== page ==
Meryem was terrified. “I know it wants meat,” she thought. “It must have meat, so it must want to eat my flesh. First it drank my milk, now it’s my flesh it wants to devour.”
The giant bird plunged its bloody beak between her thighs—into that disgusting and accursed place of sin. “I’m just imagining it,” Meryem reassured herself. “It’s just a nightmare, that’s all. It can’t be real.” But this thought brought her no comfort.
Meryem struggled to push the bird’s coal black head away from her thighs, but the phoenix was too strong for her. It took no notice of her tiny hands, but kept digging into her, ripping out pieces of her flesh.
Suddenly, in a flash, the bird’s head became human, and she saw a man’s face covered with a dark growth. Meryem recognized her uncle with his black beard.
“Uncle, please give me back what you’ve torn out,” she begged.
The bird with the human head and bearded face gave her the mangled pieces of flesh and flew off into the heavens.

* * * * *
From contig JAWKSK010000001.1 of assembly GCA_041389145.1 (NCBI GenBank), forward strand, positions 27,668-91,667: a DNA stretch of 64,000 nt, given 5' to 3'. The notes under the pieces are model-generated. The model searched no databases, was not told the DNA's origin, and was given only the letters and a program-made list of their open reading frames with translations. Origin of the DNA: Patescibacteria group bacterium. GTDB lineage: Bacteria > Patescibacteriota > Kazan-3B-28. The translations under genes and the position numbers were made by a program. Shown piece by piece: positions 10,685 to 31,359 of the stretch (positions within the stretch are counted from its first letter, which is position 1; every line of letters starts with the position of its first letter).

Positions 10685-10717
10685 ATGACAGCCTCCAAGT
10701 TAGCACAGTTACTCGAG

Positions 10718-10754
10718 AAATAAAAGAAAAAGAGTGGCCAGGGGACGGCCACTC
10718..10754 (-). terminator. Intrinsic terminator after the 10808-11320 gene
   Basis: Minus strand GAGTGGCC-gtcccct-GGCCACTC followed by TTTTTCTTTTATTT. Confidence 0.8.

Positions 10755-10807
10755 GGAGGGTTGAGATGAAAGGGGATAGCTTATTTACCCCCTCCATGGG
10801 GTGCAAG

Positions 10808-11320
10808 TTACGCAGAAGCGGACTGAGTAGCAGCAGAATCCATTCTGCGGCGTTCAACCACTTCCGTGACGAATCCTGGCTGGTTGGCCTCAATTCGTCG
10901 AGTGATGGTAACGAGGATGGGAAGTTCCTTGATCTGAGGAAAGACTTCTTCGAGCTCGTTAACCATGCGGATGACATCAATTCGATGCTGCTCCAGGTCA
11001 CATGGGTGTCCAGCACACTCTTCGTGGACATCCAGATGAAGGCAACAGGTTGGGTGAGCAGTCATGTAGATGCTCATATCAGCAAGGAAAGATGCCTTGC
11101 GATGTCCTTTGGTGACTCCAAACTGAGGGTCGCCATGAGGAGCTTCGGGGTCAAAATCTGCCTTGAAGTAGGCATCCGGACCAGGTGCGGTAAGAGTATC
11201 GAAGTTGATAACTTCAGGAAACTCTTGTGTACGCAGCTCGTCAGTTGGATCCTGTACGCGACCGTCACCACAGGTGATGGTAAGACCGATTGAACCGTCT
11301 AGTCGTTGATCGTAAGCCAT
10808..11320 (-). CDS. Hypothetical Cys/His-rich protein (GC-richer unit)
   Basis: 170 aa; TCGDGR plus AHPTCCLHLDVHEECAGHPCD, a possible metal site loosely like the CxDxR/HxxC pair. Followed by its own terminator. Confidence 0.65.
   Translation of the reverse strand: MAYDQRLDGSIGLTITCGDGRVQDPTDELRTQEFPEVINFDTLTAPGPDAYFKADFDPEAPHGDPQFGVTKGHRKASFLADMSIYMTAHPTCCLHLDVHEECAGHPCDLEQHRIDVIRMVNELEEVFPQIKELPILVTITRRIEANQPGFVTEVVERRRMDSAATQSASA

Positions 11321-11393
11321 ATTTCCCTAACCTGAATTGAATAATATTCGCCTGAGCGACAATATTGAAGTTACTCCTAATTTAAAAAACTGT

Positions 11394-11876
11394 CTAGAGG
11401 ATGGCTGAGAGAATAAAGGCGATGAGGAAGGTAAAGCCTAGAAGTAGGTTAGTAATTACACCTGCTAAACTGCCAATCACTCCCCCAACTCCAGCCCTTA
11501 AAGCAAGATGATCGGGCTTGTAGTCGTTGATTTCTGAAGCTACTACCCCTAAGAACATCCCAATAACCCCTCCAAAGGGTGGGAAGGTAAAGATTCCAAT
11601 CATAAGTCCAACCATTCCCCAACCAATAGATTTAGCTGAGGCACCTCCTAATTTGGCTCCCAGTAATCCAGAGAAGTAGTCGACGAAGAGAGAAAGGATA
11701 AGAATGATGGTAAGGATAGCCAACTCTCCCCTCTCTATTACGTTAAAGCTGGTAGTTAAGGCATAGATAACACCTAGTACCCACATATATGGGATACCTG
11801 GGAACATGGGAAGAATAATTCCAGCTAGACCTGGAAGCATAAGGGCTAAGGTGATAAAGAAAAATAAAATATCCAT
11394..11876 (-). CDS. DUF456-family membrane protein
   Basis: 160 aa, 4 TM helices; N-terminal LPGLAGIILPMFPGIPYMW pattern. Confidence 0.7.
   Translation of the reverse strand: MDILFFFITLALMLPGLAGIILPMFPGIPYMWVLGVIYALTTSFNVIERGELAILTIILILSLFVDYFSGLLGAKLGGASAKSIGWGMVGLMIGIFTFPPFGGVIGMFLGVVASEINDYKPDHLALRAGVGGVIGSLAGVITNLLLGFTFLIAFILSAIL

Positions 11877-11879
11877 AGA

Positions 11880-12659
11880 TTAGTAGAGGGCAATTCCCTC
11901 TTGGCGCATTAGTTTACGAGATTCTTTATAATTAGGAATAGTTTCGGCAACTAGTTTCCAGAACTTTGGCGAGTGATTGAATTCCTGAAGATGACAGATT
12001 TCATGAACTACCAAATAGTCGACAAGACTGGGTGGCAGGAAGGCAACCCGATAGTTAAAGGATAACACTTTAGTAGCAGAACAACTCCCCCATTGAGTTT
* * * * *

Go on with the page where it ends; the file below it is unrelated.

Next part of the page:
Meryem was left alone on top of the mountain. She gathered the pieces one by one and put them back where they belonged. Each piece adhered to its place and healed immediately.
With a start, Meryem suddenly awoke.
“I don’t want to wake up,” she thought. “I don’t ever want to wake up!” Her dream had frightened her, but the reality was more horrifying.
She opened her eyes—the eyes that everybody in the village talked about. Large, unusual eyes, where a thousand and one different shades of green and hazel blended, those unseeing eyes, which had inspired admiration in some and in others enmity. Her grandmother, before she died, had often embraced her, saying, “This girl’s eyes outshine the sun.”
Meryem realized she had been clasping the place between her thighs so tightly with both hands that it hurt.
In one respect, at least, it was good to be awake. At least she no longer felt so afraid. She had wiped the thought of her uncle from her mind; now it was the phoenix that replaced him in her memory.